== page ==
In the TV series Wiseguy (1988) and the movies The Ref (1994), Swimming with Sharks (1995), The Usual Suspects (1995), L.A. Confidential (1997), and American Beauty (1999), Kevin Spacey seemed immune to the sentimental weaknesses of common human feeling, and in him it came across as heroic. He could be unlikeable, wrongheaded, corrupt, even sociopathic, but his ringing theatrical confidence made you want more of the same. (He had panache even when he played, or the character just pretended to be, vulnerable.) He was kind of stiff but physically imposing because his body was backed up by that sense of command and impenetrable attitude. No American actor had ever been more formidable in confrontations, and you didn't care if he was a good or evil knight, you just wanted to see the bullets bounce off his armor.
Spacey hasn't lost his skills but he seems to have lost his way. Of course, there were, and still are, limitations to what he's so good at. He was unremarkable as a conventional action-picture hero in The Negotiator (1998) because his heroism is essentially ironic, combative--contempt is the lightning that gives his monsters life. In addition, he's so much more verbal than physical an actor that he presents a figure of potency without eroticism. Which is to say he doesn't really work opposite women. (In The Ref he and Judy Davis compete against each other's high-comedy skills with amazing snap but they play a divorcing couple so the dissonance between them makes sense; they don't have to meld entirely. Click here for my full-length review.) He can be so enviably scary in conflict it's hard to imagine what he could relax into if he ever let his guard down. He's a magnificently skilled technician but more than slightly monolithic. That is to say, Spacey's undeniable charisma is undeniably cold.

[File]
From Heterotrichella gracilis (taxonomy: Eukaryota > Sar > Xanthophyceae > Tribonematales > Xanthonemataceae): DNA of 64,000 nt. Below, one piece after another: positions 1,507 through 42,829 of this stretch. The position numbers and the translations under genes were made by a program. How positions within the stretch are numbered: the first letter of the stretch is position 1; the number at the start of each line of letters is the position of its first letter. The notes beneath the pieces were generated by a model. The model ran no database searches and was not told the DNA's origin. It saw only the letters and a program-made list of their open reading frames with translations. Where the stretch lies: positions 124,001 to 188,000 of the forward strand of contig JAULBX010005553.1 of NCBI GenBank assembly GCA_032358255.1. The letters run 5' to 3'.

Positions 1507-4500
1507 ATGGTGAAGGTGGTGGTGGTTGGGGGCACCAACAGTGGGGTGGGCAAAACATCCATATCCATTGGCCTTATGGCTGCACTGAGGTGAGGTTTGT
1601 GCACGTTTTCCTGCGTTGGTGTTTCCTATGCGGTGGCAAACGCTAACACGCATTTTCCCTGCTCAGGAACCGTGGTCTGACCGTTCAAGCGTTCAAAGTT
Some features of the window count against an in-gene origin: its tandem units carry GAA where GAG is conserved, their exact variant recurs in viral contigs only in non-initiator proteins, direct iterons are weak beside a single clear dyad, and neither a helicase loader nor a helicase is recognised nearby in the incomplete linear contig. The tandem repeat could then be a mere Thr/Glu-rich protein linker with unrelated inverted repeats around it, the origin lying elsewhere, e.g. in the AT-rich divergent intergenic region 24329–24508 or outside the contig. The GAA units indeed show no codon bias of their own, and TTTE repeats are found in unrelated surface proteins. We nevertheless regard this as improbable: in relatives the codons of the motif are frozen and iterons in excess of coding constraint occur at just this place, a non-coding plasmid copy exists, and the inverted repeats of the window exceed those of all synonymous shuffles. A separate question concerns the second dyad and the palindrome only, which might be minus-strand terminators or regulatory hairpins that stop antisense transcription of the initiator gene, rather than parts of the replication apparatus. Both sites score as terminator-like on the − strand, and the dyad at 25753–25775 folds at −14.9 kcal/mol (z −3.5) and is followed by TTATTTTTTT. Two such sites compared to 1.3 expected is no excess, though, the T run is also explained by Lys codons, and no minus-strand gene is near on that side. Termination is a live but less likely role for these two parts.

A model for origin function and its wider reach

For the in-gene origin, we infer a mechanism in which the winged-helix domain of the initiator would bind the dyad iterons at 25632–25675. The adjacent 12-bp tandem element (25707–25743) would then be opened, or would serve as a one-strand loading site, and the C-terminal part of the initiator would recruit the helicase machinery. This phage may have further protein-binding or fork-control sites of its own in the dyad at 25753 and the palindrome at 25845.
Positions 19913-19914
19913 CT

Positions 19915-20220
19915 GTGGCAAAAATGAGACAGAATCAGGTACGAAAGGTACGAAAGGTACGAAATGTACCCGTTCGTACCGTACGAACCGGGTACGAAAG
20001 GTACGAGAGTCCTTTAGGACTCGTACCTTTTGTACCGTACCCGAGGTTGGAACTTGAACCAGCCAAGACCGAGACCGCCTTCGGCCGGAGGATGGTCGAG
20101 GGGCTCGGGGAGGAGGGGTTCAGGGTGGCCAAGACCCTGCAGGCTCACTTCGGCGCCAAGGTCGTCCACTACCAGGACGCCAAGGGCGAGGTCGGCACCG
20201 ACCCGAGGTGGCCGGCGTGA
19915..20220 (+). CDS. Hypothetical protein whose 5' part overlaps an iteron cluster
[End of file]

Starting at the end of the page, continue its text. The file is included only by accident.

Not to mention, the sentimentality that refuses to stick to Spacey's surface is generally essential to stardom in American movies. I believe when he went after a wider audience in 2000 he did it out of a sincere desire to connect, to avoid being cast in concrete as the most impervious, rebarbative, isolated of men, however sensationally gifted. You can't blame a guy for trying something new, but nobody is given every kind of talent. This shouldn't be read as a manifesto in favor of typecasting, but some of the greatest movie stars had relatively limited ranges precisely because of the intensity of their personalities--James Cagney and Bette Davis are perhaps the clearest examples.
Toward the end of L.A. Confidential and about half-way through American Beauty Spacey's characters reform, become more like "us." And in both movies he's killed, as if the makers couldn't imagine what purpose a softened Spacey could serve. American Beauty also makes the mistake of justifying his extreme acidulousness--it's his wife's fault, society's fault, suburbia, homophobia. Once he burns past his disdain he goes gooey--and he hasn't looked back since.